In previous post I used mesos-dns to provide service discovery for cluster on mesos, which is

DNS-based service discovery for Mesos

How does it work?

From time to time mesos-dns query mesos-master (so frameworks does not need to update it) and retrives data about running tasks so it can creatie appropriate DNS entries.

Any docker container that we run on marathon will be pingable via A record, any ephemeral port given by marathon will be visable via SRV record.


Mesos-DNS is as simple as it can get. Forget about extra features:

  • application management
  • heartbeat
  • health checks
  • events about joining/leaving cluster

Health checks are not needed as you can use marathon which will make mesos-dns fault tolerant.

Mesos-DNS is stateless so no replication is needed if you want more then one.

There are of course things to concider:

  • by default DNS use UDP protocol
  • mesos-dns might be vulnerable to DNS attacks

I am going to provide information about other service discovery like consul, serf, etcd, etc in my next blog posts.

Service discovery? Service discovery!

Service discovery allows for detection of applications on a network. Implementiations vary, mesos-dns use DNS, but for example serf use gossip protocol.

Quick example - we got an application which need to be loadbalanced.

I would say old school style would be to connect one instance of LB to one instance of application:

  • LB
  • app

Well, we don’t want static IP’s and ports in our configuration, what we want is the good way, using technology to our advantage!

With marathon you don’t have an option. You never know which slave will accept job and which ephemeral port will be given to application so without service discovery our mesos infrastructure might be useless.

Using service discovery would help in:

  • scaling application
  • replacing nodes
  • apps crashing

Seems like a good idea to use it then, doesn’t it?

I might exaggerate a bit to use service discovery for this exact example but keep in mind that it’s just an example :)

Mesos-DNS up

To build mesos-dns you need to have go and godep configured and ready to use.

Too much hassle? Dependency hell? Neva! So I thought creating automated docker image is a great idea. Here it is

In my repo there is config.json

"masters": ["MESOS_IP:5050"],
"refreshSeconds": 60,
"ttl": 60,
"domain": "mesos",
"port": 53,
"resolvers": [RESOLVER],
"timeout": 5,
"listener": "",
"email": "root.mesos-dns.mesos"

MESOS_IP and RESOLVER fields are replaced with sed on start.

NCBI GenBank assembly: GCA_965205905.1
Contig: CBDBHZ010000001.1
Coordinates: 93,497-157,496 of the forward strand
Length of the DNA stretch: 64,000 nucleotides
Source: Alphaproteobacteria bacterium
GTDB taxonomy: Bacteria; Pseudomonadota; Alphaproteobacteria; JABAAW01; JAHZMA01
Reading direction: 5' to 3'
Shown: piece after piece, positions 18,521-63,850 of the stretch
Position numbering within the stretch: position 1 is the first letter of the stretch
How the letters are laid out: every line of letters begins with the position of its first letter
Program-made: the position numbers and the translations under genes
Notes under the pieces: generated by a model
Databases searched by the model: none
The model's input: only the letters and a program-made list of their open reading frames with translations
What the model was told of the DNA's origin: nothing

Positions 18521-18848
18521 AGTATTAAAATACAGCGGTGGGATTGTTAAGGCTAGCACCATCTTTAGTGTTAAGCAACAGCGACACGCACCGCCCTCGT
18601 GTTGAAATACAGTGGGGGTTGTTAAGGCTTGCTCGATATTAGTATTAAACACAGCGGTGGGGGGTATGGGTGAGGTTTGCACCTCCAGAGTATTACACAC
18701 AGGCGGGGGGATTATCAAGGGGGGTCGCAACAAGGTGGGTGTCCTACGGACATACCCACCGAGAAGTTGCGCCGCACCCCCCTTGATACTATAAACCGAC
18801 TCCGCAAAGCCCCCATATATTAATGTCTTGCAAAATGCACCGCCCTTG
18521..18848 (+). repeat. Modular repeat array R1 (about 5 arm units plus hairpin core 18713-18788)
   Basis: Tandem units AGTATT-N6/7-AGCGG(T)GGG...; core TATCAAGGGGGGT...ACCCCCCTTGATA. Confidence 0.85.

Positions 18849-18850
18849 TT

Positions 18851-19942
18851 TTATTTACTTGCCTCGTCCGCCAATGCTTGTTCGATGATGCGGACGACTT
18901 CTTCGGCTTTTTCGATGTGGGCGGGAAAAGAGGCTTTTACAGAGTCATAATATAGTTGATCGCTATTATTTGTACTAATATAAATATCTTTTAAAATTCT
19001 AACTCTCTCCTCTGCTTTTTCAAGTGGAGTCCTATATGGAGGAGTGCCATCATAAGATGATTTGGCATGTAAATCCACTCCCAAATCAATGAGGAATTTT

To start mesos-dns simply execute below command replacing environment variables with your configuration:

MESOS_DNS=$(docker run -it -e MESOS_IP=_YOUR_MESOS_MASTER_IP_-e RESOLVER='"_YOUR_DNS_ADDR", "_ANOTHER_DNS_ADDR"' -p 53:53/udp 3h4x/mesos-dns)

Now you can check if mesos-dns is up and running.

docker logs $MESOS_DNS

If all is good try to resolve and check your new service discovery in mesos cluster.

dig +short @$(docker inspect -f "{{ .NetworkSettings.IPAddress }}" $MESOS_DNS) leader.mesos

Using Mesos-DNS

Now the fun part begins. We need to think what our service discovery can do for us!

Let’s confgiure mesos-slaves so they’ll query mesos-dns and provide logic for creating and updating app configuration so it can use service discovery.

A record - Cassandra

To start cassandra you need correct configuration in cassandra.yaml file. Most interesting stuff for us is section where we need to specify seeds. This database has got its own gossip protocol implemented but how this gossip protocol can get information from mesos-dns? Right now it simply can’t.

To achive cassandra nodes visability within the cluster we need to provide them information about seeds. For a starter we need a script to gather correct configuration from network using mesos-dns.

DNS A record will suffice because cassandra need to bind on default ports.

Marathon job is given env:

“SEED”: “cassandra-seed.marathon.mesos”

And startup script on cassandra adds SEED to yaml configuration with that bash command

SEED=`echo $(dig +short $SEED) | tr ' ' ','`

If you want to see whole repo here it is.

SRV record - nginx proxy

Nginx, aaaah, my favourite http server. I’m not going to get into details of how to configure it, I’m just interested in one thing upstream

I have prepared empty upstream file:

upstream app {


A bit offtopic about haproxy. In haproxy it’s bit easier to use bash for adding and removing new nodes in configuration because you can prepare conf file in a way that appending host on the end will be correct. Here we have curly braces. We need to take care of that.

My starting script:

for i in $(dig +short SRV | awk 'BEGIN { FS= " "}; { print $4":"$3 }'); do
    sed -i.bak "s!}!\tserver $i;\n}!" /etc/nginx/conf.d/upstream.conf

Dig will get our SRV record as a list, awk will get it in right order and sed will push it to the upstream file. We got it! :)


Mesos-DNS is a quick way to start service discovery in mesos cluster.

We need to remember that it’s just alpha version but nevertheless it works like a charm.

What I like about it?

  • easy
  • simple
  • quick

There is just one thing that I don’t know how to overcome. We need cron or loop with delay in a script to continously check if DNS records have changed. That is a case with nginx. Using cron we need to wait a minute for changes to propagate.

What if we can’t wait?

Mesos-dns will never tell the application that it needs to rebuild config because of cluster change. It’s how DNS is working. For some apps it will be fine but for some it just won’t work.

So is mesos-dns the best? That question is open.

Bye bye, see you real soon!